Glance again at pages 40 and 42, where the cube was viewed by "looking down" and "looking up," and note that the vertical lines do not actually remain vertical in the picture but instead appear to converge downwards and upwards respectively.
Many books state arbitrarily that such lines should always appear vertical. Although contrary to the "truth" of seeing, this rule is laid down in order to simplify matters. But such simplification is helpful only in mechanical (T-square and triangle) perspective where converging verticals means complicated drafting to establish and work with distant vanishing points, and complicated procedures to determine vertical measurements.
Therefore, when working freehand (without drafting considerations) let the visual truth dictate. If you have difficulty accepting this "truth," the following will help.
Try this again, from both viewpoints, with the book held almost on a level with the central visual ray. The principle is now more dramatically demonstrated because convergence and foreshortening are almost at a maximum.
Take a book and hold it horizontally in this manner (left).
What you see (right) are lines converging to a central vanishing point at eye level. Being standard perspective drawing this is readily accepted.
Now hold the book vertically, above your head, in this manner (left), and view it at approximately the same angle.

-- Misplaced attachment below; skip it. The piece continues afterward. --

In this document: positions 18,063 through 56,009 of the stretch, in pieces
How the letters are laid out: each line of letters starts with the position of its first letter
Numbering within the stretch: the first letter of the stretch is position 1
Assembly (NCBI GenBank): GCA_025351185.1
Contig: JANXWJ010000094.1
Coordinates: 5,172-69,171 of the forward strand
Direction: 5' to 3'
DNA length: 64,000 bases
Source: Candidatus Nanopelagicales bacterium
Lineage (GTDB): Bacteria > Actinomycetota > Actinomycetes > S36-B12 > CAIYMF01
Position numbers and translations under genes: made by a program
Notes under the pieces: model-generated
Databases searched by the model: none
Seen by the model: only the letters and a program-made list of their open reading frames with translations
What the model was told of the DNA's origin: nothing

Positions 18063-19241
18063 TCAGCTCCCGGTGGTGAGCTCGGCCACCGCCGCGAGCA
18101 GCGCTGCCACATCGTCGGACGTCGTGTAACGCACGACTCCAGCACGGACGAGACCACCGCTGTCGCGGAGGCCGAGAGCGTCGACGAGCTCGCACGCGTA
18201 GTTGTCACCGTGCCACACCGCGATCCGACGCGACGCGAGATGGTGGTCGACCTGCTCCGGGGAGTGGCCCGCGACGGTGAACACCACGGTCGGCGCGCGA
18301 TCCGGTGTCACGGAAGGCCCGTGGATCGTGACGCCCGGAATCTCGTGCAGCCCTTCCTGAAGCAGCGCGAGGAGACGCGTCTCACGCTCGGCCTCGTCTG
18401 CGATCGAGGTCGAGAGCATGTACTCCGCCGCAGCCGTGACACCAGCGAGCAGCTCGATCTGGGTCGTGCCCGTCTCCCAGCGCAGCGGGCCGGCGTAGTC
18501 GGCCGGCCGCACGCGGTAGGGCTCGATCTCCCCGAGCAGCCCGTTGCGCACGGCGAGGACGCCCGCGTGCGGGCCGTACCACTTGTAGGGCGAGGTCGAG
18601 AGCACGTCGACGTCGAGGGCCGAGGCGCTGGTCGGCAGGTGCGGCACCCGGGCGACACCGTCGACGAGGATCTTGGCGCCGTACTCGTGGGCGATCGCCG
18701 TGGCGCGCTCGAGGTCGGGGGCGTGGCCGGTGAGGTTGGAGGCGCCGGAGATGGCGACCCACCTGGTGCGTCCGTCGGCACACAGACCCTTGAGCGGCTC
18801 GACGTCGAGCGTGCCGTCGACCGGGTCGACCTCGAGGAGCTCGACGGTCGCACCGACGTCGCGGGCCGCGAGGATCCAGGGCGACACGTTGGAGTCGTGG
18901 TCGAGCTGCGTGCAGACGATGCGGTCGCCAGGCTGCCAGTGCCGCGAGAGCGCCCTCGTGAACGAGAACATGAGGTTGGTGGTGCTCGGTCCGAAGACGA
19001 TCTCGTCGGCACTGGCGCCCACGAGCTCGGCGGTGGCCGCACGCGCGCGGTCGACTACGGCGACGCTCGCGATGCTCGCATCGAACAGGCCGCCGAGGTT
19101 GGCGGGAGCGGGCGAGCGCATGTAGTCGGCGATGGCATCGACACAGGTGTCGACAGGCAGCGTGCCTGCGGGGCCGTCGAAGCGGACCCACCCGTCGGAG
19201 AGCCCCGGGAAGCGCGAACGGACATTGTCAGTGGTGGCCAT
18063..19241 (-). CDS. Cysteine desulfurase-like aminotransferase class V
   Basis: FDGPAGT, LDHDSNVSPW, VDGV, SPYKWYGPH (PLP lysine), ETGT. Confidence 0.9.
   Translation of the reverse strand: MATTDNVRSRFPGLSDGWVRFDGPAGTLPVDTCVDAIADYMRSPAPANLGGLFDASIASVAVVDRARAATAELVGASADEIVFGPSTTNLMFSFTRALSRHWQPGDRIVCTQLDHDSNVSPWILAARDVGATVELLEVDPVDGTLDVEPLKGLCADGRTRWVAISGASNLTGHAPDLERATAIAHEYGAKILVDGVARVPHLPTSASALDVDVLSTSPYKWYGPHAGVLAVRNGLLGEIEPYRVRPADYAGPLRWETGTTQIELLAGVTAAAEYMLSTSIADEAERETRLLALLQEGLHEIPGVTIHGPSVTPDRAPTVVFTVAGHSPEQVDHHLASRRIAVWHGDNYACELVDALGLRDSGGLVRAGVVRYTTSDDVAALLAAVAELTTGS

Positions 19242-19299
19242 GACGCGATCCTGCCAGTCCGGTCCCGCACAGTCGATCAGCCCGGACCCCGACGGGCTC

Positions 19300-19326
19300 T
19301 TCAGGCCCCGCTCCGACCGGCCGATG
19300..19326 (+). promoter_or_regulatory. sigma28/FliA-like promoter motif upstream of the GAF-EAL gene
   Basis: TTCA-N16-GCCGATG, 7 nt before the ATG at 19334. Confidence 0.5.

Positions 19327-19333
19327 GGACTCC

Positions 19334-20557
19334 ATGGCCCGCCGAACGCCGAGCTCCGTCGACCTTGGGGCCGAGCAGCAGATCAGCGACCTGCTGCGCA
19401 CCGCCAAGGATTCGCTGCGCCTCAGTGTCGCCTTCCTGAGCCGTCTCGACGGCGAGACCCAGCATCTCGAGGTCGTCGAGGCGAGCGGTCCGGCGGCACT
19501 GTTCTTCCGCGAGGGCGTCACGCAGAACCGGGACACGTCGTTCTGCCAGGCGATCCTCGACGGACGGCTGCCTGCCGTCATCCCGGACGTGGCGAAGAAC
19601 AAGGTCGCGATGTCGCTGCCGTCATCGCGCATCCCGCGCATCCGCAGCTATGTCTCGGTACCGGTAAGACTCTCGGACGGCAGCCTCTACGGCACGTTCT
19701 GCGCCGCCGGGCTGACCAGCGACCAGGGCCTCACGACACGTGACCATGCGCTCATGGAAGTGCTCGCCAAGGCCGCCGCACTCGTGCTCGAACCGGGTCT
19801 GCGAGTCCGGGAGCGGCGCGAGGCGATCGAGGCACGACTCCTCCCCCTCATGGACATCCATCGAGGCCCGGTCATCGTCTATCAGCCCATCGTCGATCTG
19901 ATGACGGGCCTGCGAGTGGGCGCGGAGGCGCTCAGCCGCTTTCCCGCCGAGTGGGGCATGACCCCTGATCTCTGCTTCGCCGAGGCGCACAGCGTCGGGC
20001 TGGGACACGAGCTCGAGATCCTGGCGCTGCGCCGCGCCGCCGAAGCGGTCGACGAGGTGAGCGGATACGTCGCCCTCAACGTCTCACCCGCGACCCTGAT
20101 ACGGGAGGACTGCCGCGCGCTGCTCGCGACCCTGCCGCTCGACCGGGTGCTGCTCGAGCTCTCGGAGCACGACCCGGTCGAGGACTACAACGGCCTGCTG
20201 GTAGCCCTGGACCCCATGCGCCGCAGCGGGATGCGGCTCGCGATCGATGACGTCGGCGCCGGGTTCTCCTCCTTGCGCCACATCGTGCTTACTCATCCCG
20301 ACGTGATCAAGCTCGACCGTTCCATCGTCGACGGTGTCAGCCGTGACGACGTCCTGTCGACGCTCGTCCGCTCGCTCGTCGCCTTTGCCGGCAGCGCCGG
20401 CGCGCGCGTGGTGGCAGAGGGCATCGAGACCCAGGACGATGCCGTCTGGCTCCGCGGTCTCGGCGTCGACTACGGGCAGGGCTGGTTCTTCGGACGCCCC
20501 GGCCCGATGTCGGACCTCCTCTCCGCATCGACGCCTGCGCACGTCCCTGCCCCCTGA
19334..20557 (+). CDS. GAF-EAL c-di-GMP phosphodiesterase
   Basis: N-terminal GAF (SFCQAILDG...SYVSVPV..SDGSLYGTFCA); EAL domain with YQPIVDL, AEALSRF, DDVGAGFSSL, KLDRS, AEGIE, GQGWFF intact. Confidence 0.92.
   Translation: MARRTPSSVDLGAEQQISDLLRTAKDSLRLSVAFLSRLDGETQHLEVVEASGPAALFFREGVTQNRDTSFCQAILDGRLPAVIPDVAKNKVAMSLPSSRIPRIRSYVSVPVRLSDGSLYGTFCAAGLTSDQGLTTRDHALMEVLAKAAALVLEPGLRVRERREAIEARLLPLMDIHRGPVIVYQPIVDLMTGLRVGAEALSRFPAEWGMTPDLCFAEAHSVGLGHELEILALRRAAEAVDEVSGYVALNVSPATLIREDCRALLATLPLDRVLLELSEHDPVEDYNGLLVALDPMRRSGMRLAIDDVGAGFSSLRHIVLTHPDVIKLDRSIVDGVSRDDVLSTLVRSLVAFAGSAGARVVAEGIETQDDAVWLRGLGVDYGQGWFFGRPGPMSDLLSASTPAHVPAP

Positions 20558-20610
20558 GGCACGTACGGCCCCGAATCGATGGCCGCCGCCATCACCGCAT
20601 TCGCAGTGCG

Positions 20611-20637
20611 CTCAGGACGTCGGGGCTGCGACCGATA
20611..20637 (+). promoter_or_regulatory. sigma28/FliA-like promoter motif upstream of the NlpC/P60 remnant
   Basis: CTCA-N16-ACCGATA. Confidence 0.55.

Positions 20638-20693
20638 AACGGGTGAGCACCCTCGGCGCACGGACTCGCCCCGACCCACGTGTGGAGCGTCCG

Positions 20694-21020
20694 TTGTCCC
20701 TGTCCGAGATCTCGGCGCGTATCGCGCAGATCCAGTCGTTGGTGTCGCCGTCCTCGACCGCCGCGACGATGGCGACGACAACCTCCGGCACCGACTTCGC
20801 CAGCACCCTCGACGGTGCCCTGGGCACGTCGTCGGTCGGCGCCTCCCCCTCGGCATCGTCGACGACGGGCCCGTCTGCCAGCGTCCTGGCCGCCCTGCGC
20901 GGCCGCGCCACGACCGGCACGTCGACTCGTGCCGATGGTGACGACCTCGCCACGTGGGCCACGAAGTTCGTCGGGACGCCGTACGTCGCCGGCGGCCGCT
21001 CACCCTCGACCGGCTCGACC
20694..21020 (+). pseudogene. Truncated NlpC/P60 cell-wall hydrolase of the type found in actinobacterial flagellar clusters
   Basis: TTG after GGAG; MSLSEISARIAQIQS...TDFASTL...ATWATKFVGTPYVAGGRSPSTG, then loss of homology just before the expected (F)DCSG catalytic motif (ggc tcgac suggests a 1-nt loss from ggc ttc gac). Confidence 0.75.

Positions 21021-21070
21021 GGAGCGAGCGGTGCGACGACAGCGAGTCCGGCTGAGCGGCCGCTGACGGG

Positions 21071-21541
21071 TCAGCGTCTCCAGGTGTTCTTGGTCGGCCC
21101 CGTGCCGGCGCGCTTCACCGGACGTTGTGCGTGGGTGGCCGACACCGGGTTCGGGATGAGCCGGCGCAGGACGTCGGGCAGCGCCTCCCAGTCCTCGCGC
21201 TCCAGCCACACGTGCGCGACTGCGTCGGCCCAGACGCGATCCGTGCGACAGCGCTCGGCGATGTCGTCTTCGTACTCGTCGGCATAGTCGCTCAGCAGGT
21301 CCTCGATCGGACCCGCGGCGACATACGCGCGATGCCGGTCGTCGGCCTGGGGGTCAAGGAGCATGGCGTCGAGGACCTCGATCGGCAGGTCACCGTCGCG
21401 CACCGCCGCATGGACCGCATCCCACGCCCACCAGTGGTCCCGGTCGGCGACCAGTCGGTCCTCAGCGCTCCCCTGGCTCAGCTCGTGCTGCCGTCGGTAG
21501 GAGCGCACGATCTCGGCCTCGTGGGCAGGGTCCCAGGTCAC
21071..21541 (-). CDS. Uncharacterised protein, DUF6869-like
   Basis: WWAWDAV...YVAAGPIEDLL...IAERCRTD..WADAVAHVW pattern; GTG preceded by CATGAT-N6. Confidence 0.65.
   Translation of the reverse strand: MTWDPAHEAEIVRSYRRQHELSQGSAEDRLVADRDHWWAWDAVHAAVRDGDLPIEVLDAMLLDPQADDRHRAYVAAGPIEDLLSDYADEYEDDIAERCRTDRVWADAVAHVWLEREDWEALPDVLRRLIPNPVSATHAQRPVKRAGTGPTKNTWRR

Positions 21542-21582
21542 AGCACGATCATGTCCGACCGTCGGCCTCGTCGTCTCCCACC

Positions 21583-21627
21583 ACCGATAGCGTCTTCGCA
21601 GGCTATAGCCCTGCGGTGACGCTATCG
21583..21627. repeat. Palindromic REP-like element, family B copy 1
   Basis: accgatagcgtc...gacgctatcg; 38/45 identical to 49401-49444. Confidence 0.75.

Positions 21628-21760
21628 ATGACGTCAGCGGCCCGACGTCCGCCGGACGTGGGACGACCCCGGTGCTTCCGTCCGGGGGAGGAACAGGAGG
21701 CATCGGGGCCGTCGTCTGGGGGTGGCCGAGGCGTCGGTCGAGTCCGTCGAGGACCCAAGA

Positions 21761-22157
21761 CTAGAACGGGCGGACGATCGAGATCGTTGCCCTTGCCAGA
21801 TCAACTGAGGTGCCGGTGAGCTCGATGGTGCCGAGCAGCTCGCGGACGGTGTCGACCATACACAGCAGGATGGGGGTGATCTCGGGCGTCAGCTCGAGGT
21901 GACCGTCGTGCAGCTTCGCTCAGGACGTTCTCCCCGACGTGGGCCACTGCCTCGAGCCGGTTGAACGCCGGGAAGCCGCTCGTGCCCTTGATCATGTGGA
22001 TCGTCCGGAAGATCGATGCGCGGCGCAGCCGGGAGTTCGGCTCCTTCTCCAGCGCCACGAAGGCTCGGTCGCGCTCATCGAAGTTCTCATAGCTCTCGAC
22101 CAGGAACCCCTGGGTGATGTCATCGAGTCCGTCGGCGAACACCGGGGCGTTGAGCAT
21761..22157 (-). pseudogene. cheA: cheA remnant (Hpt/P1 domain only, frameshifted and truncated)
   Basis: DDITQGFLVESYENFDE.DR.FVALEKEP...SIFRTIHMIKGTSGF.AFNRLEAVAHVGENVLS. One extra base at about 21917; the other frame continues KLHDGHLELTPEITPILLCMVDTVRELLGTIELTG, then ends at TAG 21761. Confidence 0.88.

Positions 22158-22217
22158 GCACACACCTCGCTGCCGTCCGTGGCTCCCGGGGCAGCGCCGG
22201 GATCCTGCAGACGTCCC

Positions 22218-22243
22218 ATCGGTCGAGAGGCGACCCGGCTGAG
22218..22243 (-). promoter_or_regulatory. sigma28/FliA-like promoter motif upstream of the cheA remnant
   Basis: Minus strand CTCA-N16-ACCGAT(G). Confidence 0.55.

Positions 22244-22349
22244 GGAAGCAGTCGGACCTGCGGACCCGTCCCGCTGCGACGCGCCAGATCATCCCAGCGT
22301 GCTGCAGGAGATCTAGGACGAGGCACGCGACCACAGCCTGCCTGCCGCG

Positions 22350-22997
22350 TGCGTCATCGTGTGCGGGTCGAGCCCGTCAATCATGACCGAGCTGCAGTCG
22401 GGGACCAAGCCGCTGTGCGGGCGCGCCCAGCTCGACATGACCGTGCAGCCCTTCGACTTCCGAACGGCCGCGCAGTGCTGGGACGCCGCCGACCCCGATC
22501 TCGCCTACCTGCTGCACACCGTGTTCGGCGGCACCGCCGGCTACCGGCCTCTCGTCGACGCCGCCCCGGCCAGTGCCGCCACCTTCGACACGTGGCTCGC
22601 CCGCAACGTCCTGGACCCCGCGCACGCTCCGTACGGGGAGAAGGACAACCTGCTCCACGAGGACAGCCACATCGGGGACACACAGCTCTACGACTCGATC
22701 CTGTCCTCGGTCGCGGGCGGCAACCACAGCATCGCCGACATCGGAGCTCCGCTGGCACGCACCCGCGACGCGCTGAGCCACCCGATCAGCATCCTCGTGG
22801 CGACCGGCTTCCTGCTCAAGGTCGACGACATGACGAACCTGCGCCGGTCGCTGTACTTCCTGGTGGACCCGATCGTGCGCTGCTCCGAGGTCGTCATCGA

What you see (right) is exactly the same as before, only now the convergence is upward instead of horizontal.
Therefore, the convergence and hence the picture is identical from both viewpoints. THE REASON IS SIMPLY THAT THE RELATIONSHIP BETWEEN EYES (SIGHT LINES) AND SUBJECT (BOOK) IS IDENTICAL IN BOTH CASES. (Note angle .)
 Things Seen By Looking Straight Out And Things Seen by Looking Up
But again why is upward and downward convergence so rarely used? The reason is that we usually see things by looking more or less horizontally. Not only is this attitude more natural to the anatomical structure of our neck and head, but so much of what we see exists at or near eye level.
Therefore, most of the time our central visual ray is horizontal, and consequently our imaginary picture plane is vertical (i.e., at right angles to the ground). And under these conditions, vertical elements continue to appear vertical.
When then would upward or downward convergence be appropriate? For one thing, it could be used when drama or interest was desired. But it probably makes most sense when related to the nature of the subject matter. IN OTHER WORDS, THINGS USUALLY SEEN FROM BELOW OR FROM ABOVE SHOULD BE DRAWN WITH CONVERGING VERTICALS.
Examples of things typically seen by looking up, i.e., objects usually above eye level. (Note upward convergence of vertical lines.)
Things Seen By Looking Down 
Examples of things typically seen by looking down, ue., objects usually below eye level. (Note downward conver gence of vertical lines.)
 Review: Looking Up, Straight Out, Down
So when we look up or down at an individual element, such as a single cube, each viewing angle results in a different convergence of the vertical lines. At right are the resulting pictures for each viewing angle shown at left.
This means that all the verticals would still appear vertical. (Note also that the vanishing points must be further apart than in the previous views because the observer is further away.)
Since looking straight out is so very natural and common, this viewpoint is probably the most frequently used in perspective drawing.
But — and this is very important — if we were to back away and view all the cubes simultaneously (i.e., all within one cone of vision) then the central visual ray would be approximately horizontal and our face and the picture plane approximately vertical.
Looking Straight Out
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